Advanced Optics - Newsletter 02/2014
- Optatec in Frankfurt: Advanced Optics presented new products in the areas of optical glass and expanded coating expertise
- In the land of the rising sun
- Ultra-thin glass in the star-role
- Fraud with fake bank data
- Update: Optical filters can now be calculated much easier
- EU regulations threaten the availability of raw materials for the optical industry
- SCHOTT now offers an even broader range of filters after expanding its coating expertise
- Facing the light
Optatec in Frankfurt: Advanced Optics presented new products in the areas of optical glass and expanded coating expertise
On the three days of the exhibition held in Frankfurt that the international optics world traditionally meet on, the audience showed particular interest in one new product. The optical glass N-FK58 XLD features an extremely low dispersion (XLD = extremely low dispersion) and very good processing characteristics.
The products and technologies that SCHOTT Advanced Optics offers on the Japanese market have had an excellent reputation for many years now. Therefore it only seemed logical to offer visitors to the various exhibitions the chance to form their own opinions of the latest innovations made in Germany.
The roll-to-roll demonstrator for rollable ultra-thin glass that was shown at the Printed Electronics Europe for the first time ever apparently hit a nerve with the companies and research institutes that work with printable electronics.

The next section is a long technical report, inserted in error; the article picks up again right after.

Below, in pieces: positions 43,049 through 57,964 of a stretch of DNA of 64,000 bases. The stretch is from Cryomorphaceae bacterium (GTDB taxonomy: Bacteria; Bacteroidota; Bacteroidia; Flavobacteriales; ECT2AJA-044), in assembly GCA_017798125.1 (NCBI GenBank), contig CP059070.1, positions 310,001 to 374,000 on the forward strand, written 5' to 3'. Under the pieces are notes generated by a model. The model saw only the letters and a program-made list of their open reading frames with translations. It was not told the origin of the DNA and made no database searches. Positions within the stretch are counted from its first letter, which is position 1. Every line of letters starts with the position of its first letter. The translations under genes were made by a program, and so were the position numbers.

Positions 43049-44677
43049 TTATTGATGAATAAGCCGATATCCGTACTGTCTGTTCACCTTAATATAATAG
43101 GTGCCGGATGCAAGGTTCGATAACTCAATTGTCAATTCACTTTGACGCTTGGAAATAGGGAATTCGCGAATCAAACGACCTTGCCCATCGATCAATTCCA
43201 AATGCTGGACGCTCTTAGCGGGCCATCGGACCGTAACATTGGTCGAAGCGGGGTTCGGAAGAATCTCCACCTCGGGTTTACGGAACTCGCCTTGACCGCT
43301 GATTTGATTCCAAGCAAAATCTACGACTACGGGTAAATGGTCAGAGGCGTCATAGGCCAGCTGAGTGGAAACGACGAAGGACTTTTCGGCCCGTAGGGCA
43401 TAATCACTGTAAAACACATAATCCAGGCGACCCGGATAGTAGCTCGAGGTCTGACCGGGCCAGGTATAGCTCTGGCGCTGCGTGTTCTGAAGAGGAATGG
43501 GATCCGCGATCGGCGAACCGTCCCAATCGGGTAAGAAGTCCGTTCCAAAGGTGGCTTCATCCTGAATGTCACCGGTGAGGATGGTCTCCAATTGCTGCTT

If you ever receive a letter in which you are asked to change the bank data for engaging in electronic banking with a customer or supplier, you should definitely look into the matter more closely. If, for example, the company logo printed on the letter is blurred, this should make you feel suspicious.
The date for the ban on “substance of very high concern (SVHC)” from the EU regulation REACH is approaching. For instance, the deadline on the use of arsenic oxide by European manufacturing companies has now been set: May 21st, 2015. Furthermore, the RoHS regulation also controls the use of certain hazardous substances like lead and mercury in electric and electronic devices.
In mid-March, the US research organization AURA (Association of Universities for Research in Astronomy) accepted delivery of the most important component of its new solar telescope Daniel K. Inouye Solar (DKIST, formerly known with the project name ATST). In order to be able to better understand the complex processes on the sun, the $300 million telescope will begin reflecting its first light on Hawaii in 2019 after it has been polished and mounted.